Melissa , the closest PC volunteer to us - 15 minutes by bus - sent some boys with a note asking if we wanted her to show us around San Esteban (the closest large town, about a 45-minute bus ride). We met her on the bus the next morning. There we met Ben, another PCV, ate breakfast, and went around town buying stuff we needed, like food, water, and candles.
When we got back to El Carbon, we were met by some people who said that they were just about to have a community meeting and they invited us. It turns out that the Spanish have donated a lot of money for training and materials so that the Pech (the local Indian tribe whose members make up most of El Carbon) can rebuild with cement 240 new houses and a community center. They've started on the community center already and will start on the houses in mid-February. The project will last 2 years. They gave us a chance to introduce ourselves and seemed really happy we were there.
Everyone still talks about Kevin and Kate, asking us if they've already flown home, when they're coming back, and when they'll be sending packages with pictures and letters. I only hope we make as big an impression on the lives of these people as they did.
Yesterday, we went through everything K & K left for us and got it all organized. With the books they left for us, plus the ones the two of us brought, we've got a nice little library going. When I finish the book I'm reading now, Ulysses (Joyce's) is my next endeavor. Armed with my dictionary, I can read anything! Send me more books! (Next time Iím at the PC office in Tegucigalpa, Iím going to look into signing up for the GRE.)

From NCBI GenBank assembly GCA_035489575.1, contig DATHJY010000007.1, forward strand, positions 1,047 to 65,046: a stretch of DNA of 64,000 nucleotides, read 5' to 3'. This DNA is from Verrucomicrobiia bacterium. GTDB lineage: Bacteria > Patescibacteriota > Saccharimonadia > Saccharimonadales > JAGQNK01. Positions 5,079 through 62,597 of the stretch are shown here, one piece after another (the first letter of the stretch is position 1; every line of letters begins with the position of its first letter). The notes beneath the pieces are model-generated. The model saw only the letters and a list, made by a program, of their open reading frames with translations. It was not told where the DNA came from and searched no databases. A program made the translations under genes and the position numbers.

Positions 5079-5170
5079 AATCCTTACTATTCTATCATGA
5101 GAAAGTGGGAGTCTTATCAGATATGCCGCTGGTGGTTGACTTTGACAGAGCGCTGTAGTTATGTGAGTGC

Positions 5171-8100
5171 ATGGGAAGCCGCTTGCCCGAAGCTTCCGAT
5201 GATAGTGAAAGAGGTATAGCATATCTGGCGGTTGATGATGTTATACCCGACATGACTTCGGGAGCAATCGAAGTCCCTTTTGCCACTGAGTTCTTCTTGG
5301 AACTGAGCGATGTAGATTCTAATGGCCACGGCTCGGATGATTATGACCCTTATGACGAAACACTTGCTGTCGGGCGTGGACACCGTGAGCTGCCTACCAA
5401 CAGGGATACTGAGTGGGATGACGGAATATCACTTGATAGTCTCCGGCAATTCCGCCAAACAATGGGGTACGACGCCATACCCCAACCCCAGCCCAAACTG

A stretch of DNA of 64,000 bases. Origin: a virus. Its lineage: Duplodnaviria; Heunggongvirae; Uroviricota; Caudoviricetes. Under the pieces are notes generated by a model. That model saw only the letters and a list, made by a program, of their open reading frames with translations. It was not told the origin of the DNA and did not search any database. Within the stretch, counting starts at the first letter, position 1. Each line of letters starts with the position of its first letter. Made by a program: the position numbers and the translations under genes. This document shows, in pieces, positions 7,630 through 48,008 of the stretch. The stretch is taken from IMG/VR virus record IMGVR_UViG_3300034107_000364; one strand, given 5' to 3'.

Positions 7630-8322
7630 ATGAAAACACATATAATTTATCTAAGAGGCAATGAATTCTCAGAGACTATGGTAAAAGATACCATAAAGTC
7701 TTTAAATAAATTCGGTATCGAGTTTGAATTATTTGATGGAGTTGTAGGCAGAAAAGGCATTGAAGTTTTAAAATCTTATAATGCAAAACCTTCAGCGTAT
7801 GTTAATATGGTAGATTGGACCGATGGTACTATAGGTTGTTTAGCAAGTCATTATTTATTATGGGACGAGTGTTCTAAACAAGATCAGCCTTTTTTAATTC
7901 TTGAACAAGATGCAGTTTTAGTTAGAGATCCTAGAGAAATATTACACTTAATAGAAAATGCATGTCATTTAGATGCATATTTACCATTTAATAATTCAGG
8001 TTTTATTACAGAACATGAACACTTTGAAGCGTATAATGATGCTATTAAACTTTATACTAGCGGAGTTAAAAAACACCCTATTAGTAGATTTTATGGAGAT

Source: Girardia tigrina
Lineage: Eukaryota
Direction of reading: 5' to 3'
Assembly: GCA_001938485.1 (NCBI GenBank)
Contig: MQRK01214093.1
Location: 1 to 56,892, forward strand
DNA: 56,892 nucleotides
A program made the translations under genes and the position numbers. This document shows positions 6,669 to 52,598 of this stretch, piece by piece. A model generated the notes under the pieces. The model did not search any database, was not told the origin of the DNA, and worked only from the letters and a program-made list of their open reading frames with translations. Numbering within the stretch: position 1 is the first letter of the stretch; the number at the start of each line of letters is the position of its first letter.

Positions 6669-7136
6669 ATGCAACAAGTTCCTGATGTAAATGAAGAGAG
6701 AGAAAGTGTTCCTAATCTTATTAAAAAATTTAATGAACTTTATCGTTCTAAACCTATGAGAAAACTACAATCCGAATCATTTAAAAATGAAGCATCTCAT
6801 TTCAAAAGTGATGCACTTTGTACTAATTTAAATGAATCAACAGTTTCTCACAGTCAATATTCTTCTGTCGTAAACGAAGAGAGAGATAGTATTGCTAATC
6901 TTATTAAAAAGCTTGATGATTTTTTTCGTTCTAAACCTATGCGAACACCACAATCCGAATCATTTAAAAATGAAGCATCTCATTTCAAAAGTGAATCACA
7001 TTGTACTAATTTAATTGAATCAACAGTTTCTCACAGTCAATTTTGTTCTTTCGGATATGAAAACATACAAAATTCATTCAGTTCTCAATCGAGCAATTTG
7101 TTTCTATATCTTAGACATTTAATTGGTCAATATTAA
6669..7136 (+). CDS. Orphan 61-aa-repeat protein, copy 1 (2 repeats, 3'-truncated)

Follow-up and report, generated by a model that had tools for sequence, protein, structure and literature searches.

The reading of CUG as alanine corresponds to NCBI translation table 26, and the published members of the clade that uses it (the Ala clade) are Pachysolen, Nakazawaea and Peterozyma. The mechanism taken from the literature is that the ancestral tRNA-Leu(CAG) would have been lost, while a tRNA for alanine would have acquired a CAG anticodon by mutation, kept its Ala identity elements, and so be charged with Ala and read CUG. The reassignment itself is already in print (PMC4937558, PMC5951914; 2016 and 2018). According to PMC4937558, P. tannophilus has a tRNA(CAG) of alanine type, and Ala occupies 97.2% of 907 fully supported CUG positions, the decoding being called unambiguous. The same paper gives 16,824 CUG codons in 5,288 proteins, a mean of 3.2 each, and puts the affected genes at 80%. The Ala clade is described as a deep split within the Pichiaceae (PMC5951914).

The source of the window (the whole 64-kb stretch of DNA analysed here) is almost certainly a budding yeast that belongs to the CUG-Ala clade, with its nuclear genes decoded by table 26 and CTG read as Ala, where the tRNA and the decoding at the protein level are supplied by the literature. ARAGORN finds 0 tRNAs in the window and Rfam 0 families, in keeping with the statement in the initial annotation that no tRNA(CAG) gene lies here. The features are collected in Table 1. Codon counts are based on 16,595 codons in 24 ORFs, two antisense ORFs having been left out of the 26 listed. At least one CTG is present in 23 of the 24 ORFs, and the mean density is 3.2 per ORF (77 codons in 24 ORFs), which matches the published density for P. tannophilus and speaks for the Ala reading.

After we finished fixing up the house, we went for our baths and carried water back on our heads -- Prithika dropped hers this time. While we were preparing dinner, I heard a weird noise outside. I opened the door and water was coming out of the faucet to the basin outside for the first time since the Hurricane (Mitch, in early November, killed an estimated 6,000 people in Honduras and destroyed most of the country's infrastructure). We were really excited.
Tomorrow we're going to visit Melissa at her site - Joco Mico. She's going to Tegus at the end of the week for her 1-year physical (PCV's ordinarily do a 2-year tour). I'm going to give her this letter to mail, since to mail letters in San Esteban, you have to use stamps you bought in some major city. On Wednesday, we're going to visit some people in town and the go to the feria (fair). Thursday, Ö guess we'll just read. Friday weíre going to San Esteban to eat dinner with some PCVs we havenít met yet and maybe one from our group. So thatís our first week.
Weíve been cooking gourmet meals every night. K & K left some good spices and Prithika brought some Indian spices, so just about everything tastes great. We discovered that we can make some great tortillas and have eaten them for the past couple of days. We drink a lot of coffee and a lot of tea. While youíre at it, please send us some recipes. Even if we canít find all the ingredients, we do really well when we improvise. Tell everybody Iíll be writing them in the next few weeks.
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Story Source: Personal Web Site
This story has been posted in the following forums: : Headlines; COS - Honduras; PCVs in the Field - Honduras
By Chelly Richards on Saturday, November 16, 2002 - 10:32 pm: Edit Post|
Sorry! My page has been taken down. If you'd like to know more about my Peace Corps service, please contact me at firstname.lastname@example.org
Thanks! --- Chelly